Extract from the politico.com newsletter, Dec 16, 2020
Slow shuffle — Florida Republicans, including Gov. Ron DeSantis, appear to be grudgingly moving closer to accepting that Joe Biden will be America’s next president.
Recognition of reality — Attorney General Ashley Moody — who joined 16 other attorneys general in an unsuccessful effort to get the election results overturned in four battleground states — also sounds as if she is headed in that direction even as she tries to defend her actions to withering criticism. “I believe we will have a peaceful transition of power as we have had historically and the court process adds to that and I’m proud about that for our country,” Moody told a small group of reporters following Tuesday’s Cabinet meeting with DeSantis.
Not a big deal? — When asked point blank about her decision to support the long-shot lawsuit from the state of Texas, Moody framed her decision several times as merely asking the U.S. Supreme Court to “take jurisdiction” of the case rather than acknowledging the sweeping remedy being proposed by the lawsuit. She said having the Supreme Court — which quickly threw out the Texas case — review the lawsuit “would bring trust and faith in our electoral process, not just for this election but for future elections… Obviously I’m disappointed they didn’t [accept jurisdiction] but I respect the Supreme Court’s decision.” Moody said several times the legal effort was about whether or not elected officials — and not the Legislature — could alter procedures in federal elections. When it was pointed out that had also happened in Florida, Moody brushed aside the question.
Internal decision — Several news stories have detailed how President Donald Trump tried to persuade top Republicans in several states to try to overturn the election results. But Moody, who is up for re-election in two years, also maintained that her decision to join with other states filing an amicus brief in support of Texas’ effort was done without anyone from the president’s campaign or outside elected officials urging her to do so.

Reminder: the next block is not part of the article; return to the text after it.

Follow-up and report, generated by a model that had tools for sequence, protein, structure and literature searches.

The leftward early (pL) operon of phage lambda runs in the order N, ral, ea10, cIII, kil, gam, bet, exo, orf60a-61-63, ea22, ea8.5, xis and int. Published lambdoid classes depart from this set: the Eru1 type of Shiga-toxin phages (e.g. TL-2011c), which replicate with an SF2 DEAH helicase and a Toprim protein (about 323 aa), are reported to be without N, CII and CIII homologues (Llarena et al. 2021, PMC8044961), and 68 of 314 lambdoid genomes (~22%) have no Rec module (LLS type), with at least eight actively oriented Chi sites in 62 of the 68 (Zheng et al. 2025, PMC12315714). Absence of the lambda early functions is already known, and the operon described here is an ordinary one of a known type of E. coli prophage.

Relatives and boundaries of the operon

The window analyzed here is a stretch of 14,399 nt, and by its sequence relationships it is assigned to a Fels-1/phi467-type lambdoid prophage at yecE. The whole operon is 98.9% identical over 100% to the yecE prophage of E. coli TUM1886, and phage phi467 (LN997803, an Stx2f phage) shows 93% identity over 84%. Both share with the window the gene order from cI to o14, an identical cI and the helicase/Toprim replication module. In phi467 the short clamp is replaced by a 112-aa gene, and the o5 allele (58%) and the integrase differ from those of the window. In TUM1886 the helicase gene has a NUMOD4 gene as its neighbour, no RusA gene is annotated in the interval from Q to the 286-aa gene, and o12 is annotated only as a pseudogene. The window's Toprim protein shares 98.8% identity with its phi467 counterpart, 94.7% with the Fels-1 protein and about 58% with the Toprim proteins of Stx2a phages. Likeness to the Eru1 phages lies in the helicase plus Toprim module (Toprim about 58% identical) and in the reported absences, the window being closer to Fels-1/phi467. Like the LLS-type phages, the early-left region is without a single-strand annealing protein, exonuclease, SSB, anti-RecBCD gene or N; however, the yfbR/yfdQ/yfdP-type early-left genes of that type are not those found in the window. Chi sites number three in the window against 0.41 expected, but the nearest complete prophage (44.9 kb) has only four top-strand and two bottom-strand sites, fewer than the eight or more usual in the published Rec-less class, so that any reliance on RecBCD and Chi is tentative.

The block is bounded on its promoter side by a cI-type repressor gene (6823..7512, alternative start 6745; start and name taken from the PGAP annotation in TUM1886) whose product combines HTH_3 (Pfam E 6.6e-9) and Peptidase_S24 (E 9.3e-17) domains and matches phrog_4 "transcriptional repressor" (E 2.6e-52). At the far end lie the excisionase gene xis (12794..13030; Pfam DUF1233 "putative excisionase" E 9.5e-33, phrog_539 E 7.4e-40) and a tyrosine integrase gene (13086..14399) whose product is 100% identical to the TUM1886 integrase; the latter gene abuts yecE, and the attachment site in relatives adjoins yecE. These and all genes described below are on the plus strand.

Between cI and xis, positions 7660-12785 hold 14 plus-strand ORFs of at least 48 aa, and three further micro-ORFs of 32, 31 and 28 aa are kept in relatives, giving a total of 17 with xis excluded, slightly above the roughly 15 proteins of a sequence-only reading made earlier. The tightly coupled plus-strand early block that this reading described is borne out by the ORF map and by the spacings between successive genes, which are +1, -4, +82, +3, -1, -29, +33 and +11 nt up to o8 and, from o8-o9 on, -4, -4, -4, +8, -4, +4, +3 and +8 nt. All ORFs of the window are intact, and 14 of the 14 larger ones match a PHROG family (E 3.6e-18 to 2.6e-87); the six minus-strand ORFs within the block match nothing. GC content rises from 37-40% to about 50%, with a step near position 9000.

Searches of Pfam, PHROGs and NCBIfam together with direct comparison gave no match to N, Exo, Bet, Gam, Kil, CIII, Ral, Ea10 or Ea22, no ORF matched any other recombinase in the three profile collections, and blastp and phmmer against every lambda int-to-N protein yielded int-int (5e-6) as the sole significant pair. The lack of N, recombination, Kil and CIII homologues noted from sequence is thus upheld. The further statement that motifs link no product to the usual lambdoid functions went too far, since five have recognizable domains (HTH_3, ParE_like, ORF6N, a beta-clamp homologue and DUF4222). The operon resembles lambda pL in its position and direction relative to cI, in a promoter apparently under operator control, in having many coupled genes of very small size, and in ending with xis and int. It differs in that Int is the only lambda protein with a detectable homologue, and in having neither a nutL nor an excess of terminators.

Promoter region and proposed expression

“DeSantis begins to acknowledge Biden win even if he has trouble saying it,” by POLITICO’s Gary Fineout: Florida Gov. Ron DeSantis, a top ally of President Donald Trump, all but acknowledged on Tuesday that Joe Biden won the presidential election even if he appeared to have difficulty saying it out loud. DeSantis’ attempt to deflect answering a question about Biden’s win came the same day that Senate Majority Leader Mitch McConnell directly acknowledged Biden as president-elect a day after he officially won 306 electoral college votes.
A meandering reply — When asked directly by reporters if he accepted a Biden win, DeSantis said, “It’s not for me to do. But here’s what I would say: Obviously we did our thing in Florida. The college voted. What’s going to happen is going to happen.” DeSantis added there was a “lot of frustration” for Trump supporters because he said the president’s opponents did not accept Trump as president during the preceding four years. “I mean Hillary [Clinton] the last week of the election was saying [Russian President Vladimir] Putin stole it,” DeSantis said. “And I just think that’s left a lot of people really frustrated with how it’s going to go. But we’re going to do the job for Florida. We’re going to push ahead. We’ll work with whoever we need to be able to do right by the state of Florida.”
“Three quarters of states will elect governors in the next two years. Here’s a field guide,” by POLITICO’s Steven Shepard and Sabrina Rodriguez: If Trump’s victory in Florida is any indication, Gov. Ron DeSantis — a Trump ally — is well positioned to win reelection. DeSantis will also be on the ballot with Sen. Marco Rubio — a popular Florida Republican — and other Republican incumbents for statewide positions. And while Democrats are still reeling from their losses in the state, the party could see a competitive primary given DeSantis’ controversially less restrictive response to the pandemic and close ties to Trump. State Agriculture Commissioner Nikki Fried, the only statewide elected Democrat, has long been expected to run against DeSantis — and state Rep. Anna Eskamani and Reps. Stephanie Murphy and Val Demings are often mentioned as potential candidates, too. Former Rep. Gwen Graham, who ran in 2018 but fell short in the primary, is also considering the race.Image Credits: John Raoux/AP